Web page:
|While the number of incidents is falling, hundreds of thousands of workplace violence incidents still occur every year|
More than 572,000 people met with a violent crime at work during 2009. In addition, workplace violence caused 521 homicides in 2009. The Bureau for Justice Statistics (BJS) reported these numbers (the most recently updated) in a study of workplace violence between 1993 and 2009. That is a lot of violence.
Surprisingly, though, those numbers show a significant decline in workplace violence. In 1993, BJS reported 2.1 million incidents of non-fatal violence and more than 1,000 workplace homicides. The numbers are probably still lower today — six years after the completion of that study.
What accounts for the decline?
“Executives have learned about workplace violence and taken appropriate steps,” says Eugene Ferraro, chief ethics officer with Denver-based Convercent, a consulting firm that develops compliance programs and anti-workplace violence programs. “Companies have established programs with plans, policies that employees read and sign, training, assistance programs for those in stress and communications methods that enable employees to report problems safely.”
While the number of incidents is falling, hundreds of thousands of workplace violence incidents still occur every year. Companies need to improve existing programs. Those with quality programs must maintain quality. Those without programs need to start.
Here’s a look at some of today’s best practices for preventing and reducing workplace violence.
Intervene and prevent
“In almost every case of workplace violence, one or several employees noticed that the perpetrator had become troubled,” Ferraro says. “So workplace violence is fairly predictable.”
Recognising early warning signs makes it possible to intervene before an incident occurs. Ferraro says that warning signs to look for begin with inappropriate behaviour that grows worse over time. A person might disrupt a staff meeting one week and threaten a co-worker the next week. According to Ferraro, behaviour at this level is manageable. The company can provide counselling or ratchet up the response to suspension.
"Companies have established
“In the past, management waited, which can lead a troubled individual to conclude that management is unwilling to act and to escalate his or her behaviour.”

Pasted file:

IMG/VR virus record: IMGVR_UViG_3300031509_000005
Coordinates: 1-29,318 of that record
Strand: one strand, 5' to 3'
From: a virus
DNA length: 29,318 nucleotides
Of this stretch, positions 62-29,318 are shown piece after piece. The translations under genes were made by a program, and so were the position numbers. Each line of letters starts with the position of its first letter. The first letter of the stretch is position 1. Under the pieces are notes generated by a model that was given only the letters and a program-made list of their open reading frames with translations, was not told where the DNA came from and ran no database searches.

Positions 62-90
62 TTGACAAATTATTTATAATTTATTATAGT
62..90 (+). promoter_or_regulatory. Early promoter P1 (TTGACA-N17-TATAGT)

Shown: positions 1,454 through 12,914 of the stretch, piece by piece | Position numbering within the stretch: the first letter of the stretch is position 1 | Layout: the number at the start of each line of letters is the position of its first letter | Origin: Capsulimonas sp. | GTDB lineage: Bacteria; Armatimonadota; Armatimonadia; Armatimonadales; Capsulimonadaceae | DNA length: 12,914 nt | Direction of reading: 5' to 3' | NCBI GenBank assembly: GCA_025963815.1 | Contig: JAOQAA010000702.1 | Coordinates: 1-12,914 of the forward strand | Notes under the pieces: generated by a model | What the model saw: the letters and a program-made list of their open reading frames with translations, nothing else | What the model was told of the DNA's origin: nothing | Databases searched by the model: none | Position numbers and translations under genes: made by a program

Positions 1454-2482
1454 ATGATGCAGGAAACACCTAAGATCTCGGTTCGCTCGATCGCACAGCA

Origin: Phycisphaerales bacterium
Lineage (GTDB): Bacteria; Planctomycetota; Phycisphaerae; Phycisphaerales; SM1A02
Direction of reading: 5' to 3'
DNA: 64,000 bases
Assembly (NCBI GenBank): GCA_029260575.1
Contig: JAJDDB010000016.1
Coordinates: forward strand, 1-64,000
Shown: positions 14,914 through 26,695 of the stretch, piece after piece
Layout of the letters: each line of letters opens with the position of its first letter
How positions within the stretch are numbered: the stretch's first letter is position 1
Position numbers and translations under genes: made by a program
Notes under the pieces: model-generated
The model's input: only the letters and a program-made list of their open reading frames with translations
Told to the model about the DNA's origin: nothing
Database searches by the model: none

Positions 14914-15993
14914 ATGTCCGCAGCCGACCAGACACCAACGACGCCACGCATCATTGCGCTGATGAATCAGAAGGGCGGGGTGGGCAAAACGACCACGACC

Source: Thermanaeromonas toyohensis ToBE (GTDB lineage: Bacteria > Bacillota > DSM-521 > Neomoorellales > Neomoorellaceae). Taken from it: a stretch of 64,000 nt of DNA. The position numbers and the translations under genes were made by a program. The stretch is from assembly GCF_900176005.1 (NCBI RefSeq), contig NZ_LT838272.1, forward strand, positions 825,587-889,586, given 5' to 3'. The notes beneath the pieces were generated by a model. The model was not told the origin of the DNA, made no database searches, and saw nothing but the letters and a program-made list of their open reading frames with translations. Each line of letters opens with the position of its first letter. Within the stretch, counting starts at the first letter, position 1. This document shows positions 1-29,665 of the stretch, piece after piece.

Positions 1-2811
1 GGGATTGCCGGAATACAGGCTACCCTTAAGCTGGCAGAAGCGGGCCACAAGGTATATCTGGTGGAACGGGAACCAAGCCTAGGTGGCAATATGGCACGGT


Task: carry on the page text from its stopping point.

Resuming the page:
There are resources for dealing with behaviour that has escalated beyond control. Ferraro’s company, Conversent, provides third party services designed to direct an individual’s anger away from clients.
Consider the resolution of a recent Conversent case involving a victim of schizophrenia, who had never returned from a 30-day suspension. Instead, he began making threats on Facebook — he posted a nude photo of a female with no head, claiming that it was one of the company’s executives. The company CEO called Conversent.
“We approached the individual as HR consultants and negotiated a separation,” Ferraro says. “We set up a safe meeting in a hotel and introduced ourselves saying that it was our job to sort out the grievances he had against the company. We explained that whatever happened with those grievances would be our decision, not the employer’s.”
Ferraro and his team counselled the man and worked out a way to help him. He needed $650 per month in medications to control his schizophrenia and regular sessions with a psychiatrist The company agreed to cover that expense. “We made arrangements with the pharmacy and told him that if he missed a pickup, we would know and respond,” Ferraro said. “He also signed a release allowing us to talk with his psychiatrist. After a year, everyone involved agreed that he was no longer a threat.”
Of course, the goal of an anti-workplace violence program is to prevent individuals from getting into that state — or even further along the continuum toward violence.
For help developing a program, check out the ANSI workplace Violence Prevention and Intervention Standard 2011. Ferraro co-chaired the ASIS committee that developed the Standard.